“That one I couldn’t quite grasp what it was about after I finished it. Sometimes, you’ll write something to be very inspired, and you won’t quite finish it for one reason or another. Then you’ll go back and try and pick it up, and the inspiration is just gone. Either you get it all, and you can leave a few little pieces to fill in, or you’re trying always to finish it off. Then it’s a struggle. The inspiration’s gone and you can’t remember why you started it in the first place.”
Neither does the “Tangled Up In Blue”-artifice, the shuffling of personal pronouns and verb times, help. Just like in Tangled, there is a subcutaneous surmise of a triangular relationship, with apart from that unapproachable Angelina and the I-person, another man – but that “he” can just as well be the I-person himself, of course. Dylan himself does not have a clear picture either, or so it seems. The two versions of the third verse do illustrate that lack of clarity. The official, second version (the one on The Bootleg Series 1-3) describes the male antagonist (or the I-person):
His eyes were two slits, making a snake proud With a face that any painter would paint as he walked through the crowd Worshipping a god with the body of a woman well endowed And the head of a hyena
… but in the first version Dylan still sings about Angelina:
Her eyes were two slits, making a snake proud With a face that any painter would paint and well-endowed Praising the dead as she rode a donkey through the crowd Or was it a hyena?
Implementing that hyena remains somewhat difficult, but at least in this first version we escape from that alienating wink at Egyptian mythology (although there are actually no gods with the head of a hyena – jackals, yes). The Jesus reference is maintained, but this time refers to another scene: the entry into Jerusalem, where Jesus, seated on a donkey, makes His way through “a great crowd.” It is, incidentally, the chapter after the raising of Lazarus, so perhaps that should not have been praising the dead, but raising the dead.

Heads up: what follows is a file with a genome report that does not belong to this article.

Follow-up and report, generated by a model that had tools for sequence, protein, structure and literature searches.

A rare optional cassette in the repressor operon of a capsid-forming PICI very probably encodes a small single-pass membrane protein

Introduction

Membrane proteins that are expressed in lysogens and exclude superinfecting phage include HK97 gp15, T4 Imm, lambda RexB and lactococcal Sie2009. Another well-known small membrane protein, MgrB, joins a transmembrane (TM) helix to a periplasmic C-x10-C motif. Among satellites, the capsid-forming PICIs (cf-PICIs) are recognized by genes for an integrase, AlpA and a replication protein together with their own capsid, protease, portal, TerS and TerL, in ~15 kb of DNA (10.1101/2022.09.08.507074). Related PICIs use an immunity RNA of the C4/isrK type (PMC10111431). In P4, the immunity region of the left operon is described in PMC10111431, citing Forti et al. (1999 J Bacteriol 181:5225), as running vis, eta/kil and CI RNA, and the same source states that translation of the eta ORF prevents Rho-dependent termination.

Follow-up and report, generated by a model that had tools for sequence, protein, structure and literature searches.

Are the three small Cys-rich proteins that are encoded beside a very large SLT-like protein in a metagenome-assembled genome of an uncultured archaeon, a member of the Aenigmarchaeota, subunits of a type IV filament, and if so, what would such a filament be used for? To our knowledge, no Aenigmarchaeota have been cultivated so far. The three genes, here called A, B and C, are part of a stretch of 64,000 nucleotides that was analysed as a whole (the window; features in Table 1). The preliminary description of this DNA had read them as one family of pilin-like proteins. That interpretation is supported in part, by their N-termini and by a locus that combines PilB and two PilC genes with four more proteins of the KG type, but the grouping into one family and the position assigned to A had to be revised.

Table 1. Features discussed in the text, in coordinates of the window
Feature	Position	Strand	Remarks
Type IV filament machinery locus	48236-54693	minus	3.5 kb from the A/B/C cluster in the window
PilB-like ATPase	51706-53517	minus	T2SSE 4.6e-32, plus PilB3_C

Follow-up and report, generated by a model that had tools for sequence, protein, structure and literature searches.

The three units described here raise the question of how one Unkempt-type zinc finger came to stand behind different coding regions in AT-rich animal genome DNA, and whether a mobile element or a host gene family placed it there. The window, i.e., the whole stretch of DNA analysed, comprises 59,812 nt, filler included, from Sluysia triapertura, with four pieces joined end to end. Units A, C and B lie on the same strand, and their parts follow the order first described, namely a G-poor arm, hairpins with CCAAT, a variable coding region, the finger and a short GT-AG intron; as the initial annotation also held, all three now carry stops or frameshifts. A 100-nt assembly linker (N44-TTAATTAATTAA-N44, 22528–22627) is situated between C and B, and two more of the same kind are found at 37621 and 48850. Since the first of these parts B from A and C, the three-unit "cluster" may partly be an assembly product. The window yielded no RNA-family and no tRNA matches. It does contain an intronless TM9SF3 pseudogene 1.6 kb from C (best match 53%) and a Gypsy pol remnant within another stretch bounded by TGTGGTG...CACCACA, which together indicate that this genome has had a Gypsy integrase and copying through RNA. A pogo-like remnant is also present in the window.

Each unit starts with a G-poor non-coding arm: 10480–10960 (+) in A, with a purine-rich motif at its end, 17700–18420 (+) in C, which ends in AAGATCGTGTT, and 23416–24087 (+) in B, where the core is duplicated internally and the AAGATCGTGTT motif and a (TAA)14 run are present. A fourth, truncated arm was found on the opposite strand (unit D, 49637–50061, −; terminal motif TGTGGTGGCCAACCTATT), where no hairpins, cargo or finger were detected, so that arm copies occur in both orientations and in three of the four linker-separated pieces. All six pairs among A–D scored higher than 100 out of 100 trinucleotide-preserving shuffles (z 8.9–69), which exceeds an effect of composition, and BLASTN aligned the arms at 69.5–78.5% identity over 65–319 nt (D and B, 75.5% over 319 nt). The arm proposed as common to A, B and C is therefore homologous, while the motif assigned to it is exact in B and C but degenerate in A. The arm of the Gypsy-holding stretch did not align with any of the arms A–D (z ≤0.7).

There are hardly any covers, despite the success of The Bootleg Series 1-3 (1991), the official release of the song. The only noteworthy version is from an old friend: Ashley Hutchings, the bassist and co-founder of Fairport Convention. At the time, in the late summer of ’67, Hutchings was one of the lucky ones who were allowed to rummage around in the Basement Tapes (and then chose “Million Dollar Bash”) and his dowsing rod still finds gold twenty years later; Hutchings’ “Angelina” is really beautiful. He changes Jerusalem into God’s country and fiddles with personal pronouns too (He’s surrounded by God’s angels becomes She’s surrounded), but the indecisive bard surely will not mind (on the collection The Guv’nor Vol. 1, 1993, which also includes the Fairport Convention outtake “Dear Landlord” and a Steeleye Span recording of “Lay Down Your Weary Tune”).
Dylan himself never plays the song. Not even when he performs in Berlin on April 4, 2019, at the Mercedes Benz Arena. Where a glittering black Mercedes is proudly showing off in front of the entrance.